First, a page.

Take the 2-minute tour ×
Stack Overflow is a question and answer site for professional and enthusiast programmers. It's 100% free, no registration required.

For some reason I'm really struggling with this. I'm new to wpf and I can't seem to find the information I need to understand this simple problem.

I am trying to bind a textbox to a string, the output of the programs activity. I created a property for the string, but when the property changes, the textbox does not. I had this problem with a listview, but created a dispatcher which refreshes the listview.

I must be missing some major point, because I thought one benefit of using wpf was not having to update controls manually. I hope someone can send me in the right direction.

in windowMain.xaml.cs

private string debugLogText = "initial value";

public String debugLog {
    get { return debugLogText; }
    set { debugLogText = value; }
}

in windowMain.xaml

x:Name="wndowMain"
xmlns="http://schemas.microsoft.com/winfx/2006/xaml/presentation"
xmlns:x="http://schemas.microsoft.com/winfx/2006/xaml"
DataContext="{Binding RelativeSource={RelativeSource Self}}"

<TextBox Name="txtDebug" Text="{Binding ElementName=wndowMain, Path=debugLog}" />
share|improve this question
add comment

1 Answer

up vote 5 down vote accepted

Implement INotifyPropertyChanged on your class. If you have many classes that need this interface, I often find it helpful to use a base class like the following.

public abstract class ObservableObject : INotifyPropertyChanged
{

    protected ObservableObject( )
    {
    }

    public event PropertyChangedEventHandler PropertyChanged;

    protected virtual void OnPropertyChanged( PropertyChangedEventArgs e )
    {
        var handler = PropertyChanged;
        if ( handler != null ) {
            handler( this, e );
        }
    }

    protected void OnPropertyChanged( string propertyName )
    {
        OnPropertyChanged( new PropertyChangedEventArgs( propertyName ) );
    }

}

Then you just have to make sure you raise the PropertyChanged event whenever a property value changes. For example:

public class Person : ObservableObject {

    private string name;

    public string Name {
        get {
              return name;
        }
        set {
              if ( value != name ) {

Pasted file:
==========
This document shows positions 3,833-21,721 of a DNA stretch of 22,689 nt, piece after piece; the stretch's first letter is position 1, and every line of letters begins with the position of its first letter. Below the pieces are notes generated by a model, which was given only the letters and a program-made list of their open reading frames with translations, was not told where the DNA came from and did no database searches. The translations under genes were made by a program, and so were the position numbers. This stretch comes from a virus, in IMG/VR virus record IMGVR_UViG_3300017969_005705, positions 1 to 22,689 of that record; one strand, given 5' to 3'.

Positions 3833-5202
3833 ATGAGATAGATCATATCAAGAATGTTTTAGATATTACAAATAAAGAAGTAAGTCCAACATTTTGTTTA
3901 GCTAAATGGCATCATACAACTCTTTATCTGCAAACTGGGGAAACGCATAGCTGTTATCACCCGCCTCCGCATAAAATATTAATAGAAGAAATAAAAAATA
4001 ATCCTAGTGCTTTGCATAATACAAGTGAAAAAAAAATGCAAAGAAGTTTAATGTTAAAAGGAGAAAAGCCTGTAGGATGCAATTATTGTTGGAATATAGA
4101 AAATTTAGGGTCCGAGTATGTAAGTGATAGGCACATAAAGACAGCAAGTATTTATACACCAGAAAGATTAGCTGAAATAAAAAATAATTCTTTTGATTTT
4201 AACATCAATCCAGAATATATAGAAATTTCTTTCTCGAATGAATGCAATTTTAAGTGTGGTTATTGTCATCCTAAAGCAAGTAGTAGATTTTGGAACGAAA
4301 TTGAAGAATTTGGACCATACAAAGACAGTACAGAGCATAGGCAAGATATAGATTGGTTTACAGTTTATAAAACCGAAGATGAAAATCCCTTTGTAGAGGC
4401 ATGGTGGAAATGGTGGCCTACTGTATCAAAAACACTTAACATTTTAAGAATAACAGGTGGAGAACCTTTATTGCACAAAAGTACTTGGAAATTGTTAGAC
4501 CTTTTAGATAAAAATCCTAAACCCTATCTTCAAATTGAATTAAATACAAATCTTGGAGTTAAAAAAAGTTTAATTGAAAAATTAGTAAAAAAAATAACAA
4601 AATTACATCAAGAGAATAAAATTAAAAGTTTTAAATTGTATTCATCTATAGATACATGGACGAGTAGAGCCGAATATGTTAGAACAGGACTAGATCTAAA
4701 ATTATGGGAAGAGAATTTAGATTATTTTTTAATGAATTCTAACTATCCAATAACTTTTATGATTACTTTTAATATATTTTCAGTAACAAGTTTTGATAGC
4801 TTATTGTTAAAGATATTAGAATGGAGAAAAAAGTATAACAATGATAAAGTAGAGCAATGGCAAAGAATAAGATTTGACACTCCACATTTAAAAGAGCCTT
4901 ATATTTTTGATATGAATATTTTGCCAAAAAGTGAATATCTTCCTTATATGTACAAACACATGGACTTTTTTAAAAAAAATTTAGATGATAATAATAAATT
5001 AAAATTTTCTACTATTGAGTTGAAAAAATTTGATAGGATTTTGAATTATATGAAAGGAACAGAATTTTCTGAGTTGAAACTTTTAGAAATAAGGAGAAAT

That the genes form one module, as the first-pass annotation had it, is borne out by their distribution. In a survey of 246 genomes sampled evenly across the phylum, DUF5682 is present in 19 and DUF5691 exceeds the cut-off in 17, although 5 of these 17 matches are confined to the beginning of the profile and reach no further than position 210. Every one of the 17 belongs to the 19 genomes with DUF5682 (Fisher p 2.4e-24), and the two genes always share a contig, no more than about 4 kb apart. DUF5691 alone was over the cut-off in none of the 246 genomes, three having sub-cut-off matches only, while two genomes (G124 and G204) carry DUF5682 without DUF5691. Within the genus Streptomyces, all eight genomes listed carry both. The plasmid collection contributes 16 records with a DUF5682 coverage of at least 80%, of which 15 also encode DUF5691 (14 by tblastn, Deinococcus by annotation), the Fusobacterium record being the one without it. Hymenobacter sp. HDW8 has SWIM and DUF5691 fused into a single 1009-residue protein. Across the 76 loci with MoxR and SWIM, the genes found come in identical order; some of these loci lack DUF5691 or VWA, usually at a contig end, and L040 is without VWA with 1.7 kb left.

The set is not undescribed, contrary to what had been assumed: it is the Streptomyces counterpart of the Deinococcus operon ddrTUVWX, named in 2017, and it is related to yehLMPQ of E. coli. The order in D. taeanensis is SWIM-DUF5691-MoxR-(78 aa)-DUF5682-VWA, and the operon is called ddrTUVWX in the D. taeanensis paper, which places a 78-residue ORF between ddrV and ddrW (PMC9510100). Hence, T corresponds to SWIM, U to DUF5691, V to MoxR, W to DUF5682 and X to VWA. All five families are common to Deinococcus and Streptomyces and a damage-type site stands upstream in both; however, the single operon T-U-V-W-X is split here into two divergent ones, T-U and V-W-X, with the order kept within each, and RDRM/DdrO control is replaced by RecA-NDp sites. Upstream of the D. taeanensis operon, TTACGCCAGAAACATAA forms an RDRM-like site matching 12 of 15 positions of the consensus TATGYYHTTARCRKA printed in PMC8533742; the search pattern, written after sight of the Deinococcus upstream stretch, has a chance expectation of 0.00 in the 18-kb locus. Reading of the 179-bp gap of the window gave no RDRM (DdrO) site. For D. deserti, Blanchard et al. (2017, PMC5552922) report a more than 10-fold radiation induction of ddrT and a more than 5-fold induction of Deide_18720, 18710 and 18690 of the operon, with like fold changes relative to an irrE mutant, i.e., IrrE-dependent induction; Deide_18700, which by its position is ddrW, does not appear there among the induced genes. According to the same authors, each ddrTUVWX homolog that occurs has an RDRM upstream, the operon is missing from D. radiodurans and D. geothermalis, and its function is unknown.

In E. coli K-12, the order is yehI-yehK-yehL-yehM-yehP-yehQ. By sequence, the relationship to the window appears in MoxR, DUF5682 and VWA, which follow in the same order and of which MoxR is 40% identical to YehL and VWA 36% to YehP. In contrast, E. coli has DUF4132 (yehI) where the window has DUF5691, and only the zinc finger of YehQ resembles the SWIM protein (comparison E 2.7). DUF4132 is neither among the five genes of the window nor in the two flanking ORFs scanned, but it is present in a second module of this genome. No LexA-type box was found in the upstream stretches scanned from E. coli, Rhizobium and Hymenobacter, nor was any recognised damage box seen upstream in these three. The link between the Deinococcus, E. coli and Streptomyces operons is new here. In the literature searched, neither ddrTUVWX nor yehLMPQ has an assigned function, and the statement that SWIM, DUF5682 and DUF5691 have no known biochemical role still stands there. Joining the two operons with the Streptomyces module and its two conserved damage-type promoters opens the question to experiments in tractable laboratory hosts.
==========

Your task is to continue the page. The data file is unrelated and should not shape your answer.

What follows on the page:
name = value;
                  OnPropertyChanged("Name");
              }
        }
    }

}
share|improve this answer
1  
+1 for the ObservableObject class! –  Peter Gfader May 28 '09 at 3:53
    
Why this extra work with the var handler = PropertyChanged;? Thread safety? –  Peter Gfader May 28 '09 at 3:55
    
Yeah it's just a habit I picked up. Even though it's pretty unlikely that you'll be raising/subscribing to this from different threads there's not much harm in it and it's become something of a reflex. Others have shown you can eliminate the check by initializing the event like: public event PropertyChangedEventHandler PropertyChanged = delegate{}; But it's not only slow, it feels hacked. :) –  Josh May 28 '09 at 4:07
    
Re the {} - indeed; the problem then is that you pay for a delegate-invoke on every property change, even if nobody is looking... –  Marc Gravell May 28 '09 at 4:17
1  
For info - a (possibly) useful addition to the above: protected void SetField<T>(ref T field, T value, string propertyName) {if(!EqualityComparer<T>.Default.Equals(field,value)) {field = value;OnPropertyChanged(propertyName);}} - then you can use (in the set) SetField(ref name, value, "Name"); etc, –  Marc Gravell May 28 '09 at 4:19
show 2 more comments

Your Answer

 
discard

By posting your answer, you agree to the privacy policy and terms of service.

Not the answer you're looking for? Browse other questions tagged or ask your own question.